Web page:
The director of Britain’s most highly acclaimed sculpture park will be sharing her experiences with Jersey’s arts community at this year’s Council for Culture Conference, which takes place on Saturday 24 November in Highlands’ Great Hall.
Clare Lilley, from the award-winning Yorkshire Sculpture Park, will talk about the open-air gallery described by the Financial Times as ‘probably the finest exhibition site for sculpture in the world’. This supports the theme of this year’s event, which is the dual impact of culture on both local communities and tourism.
The Council for Culture Conference, now in its fifth year, has established itself as an important annual forum for the Jersey public to discuss the key issues affecting the cultural sector. It is open to all and is free.
Attendees will also explore how destinations market themselves using their heritage, arts and creative skills. This is especially current given the recent discovery of the Celtic hoard and the national and international interest it has attracted.
It is hoped a visiting speaker from Orkney will explain how the isles have used their heritage resources to attract visitors. Their experience as a World Heritage site is of particular interest given work undertaken locally to consider the possibility of making an application for recognition of the Channel Islands.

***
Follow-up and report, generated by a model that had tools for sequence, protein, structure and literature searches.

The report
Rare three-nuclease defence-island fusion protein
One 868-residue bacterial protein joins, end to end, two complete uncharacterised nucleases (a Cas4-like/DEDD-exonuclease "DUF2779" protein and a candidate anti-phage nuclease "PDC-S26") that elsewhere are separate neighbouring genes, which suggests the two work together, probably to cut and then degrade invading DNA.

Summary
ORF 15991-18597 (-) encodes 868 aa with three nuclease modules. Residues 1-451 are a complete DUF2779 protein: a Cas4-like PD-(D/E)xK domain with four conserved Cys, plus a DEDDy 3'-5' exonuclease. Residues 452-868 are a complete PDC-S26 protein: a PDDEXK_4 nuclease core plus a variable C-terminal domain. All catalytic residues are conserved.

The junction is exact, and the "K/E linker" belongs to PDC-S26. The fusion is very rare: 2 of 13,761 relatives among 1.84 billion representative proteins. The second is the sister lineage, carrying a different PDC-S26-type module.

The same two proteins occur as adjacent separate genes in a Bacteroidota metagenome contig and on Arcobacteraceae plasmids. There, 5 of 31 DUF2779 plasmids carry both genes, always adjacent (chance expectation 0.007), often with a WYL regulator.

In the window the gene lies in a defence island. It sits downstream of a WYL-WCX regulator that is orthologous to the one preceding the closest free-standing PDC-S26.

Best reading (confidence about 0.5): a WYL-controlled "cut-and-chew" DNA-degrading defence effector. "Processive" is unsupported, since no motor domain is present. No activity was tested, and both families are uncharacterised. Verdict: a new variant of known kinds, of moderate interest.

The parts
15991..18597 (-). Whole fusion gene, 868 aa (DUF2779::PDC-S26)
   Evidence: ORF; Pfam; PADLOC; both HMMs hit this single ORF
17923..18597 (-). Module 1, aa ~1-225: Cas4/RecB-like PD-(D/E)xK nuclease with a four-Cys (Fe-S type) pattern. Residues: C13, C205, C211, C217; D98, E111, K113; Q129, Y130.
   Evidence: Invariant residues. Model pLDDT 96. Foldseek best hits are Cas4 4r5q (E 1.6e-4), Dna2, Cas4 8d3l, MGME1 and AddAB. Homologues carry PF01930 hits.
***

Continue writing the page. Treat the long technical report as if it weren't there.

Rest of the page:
ESC Assistant Minister, Deputy Rod Bryans, who will be leading a session on creativity, said that the conference had established itself as an important element in the continuing development of Jersey’s Cultural Strategy.
“The progress on the conference themes from 2011, such as cultural diplomacy and the possibilities of building links with the commercial sector, show how important the conference has become in shaping the way different organisations and States departments can work together,” he said.
Cultural development officer Rod McLoughlin added: “The Conference offers the chance to hear about developments across the arts and heritage sector elsewhere and also to connect with current issues in Jersey.”
The conference will also hear about the new Hepworth Gallery in Wakefield, which was expected to attract 150,000 visitors in its first year of opening in 2011. In fact, it took only five weeks to clear 100,000 and by the gallery’s first anniversary in May more than 500,000 people had made the trip to the site on the River Calder.
The full conference programme, with details of how to take part, will be published in mid October.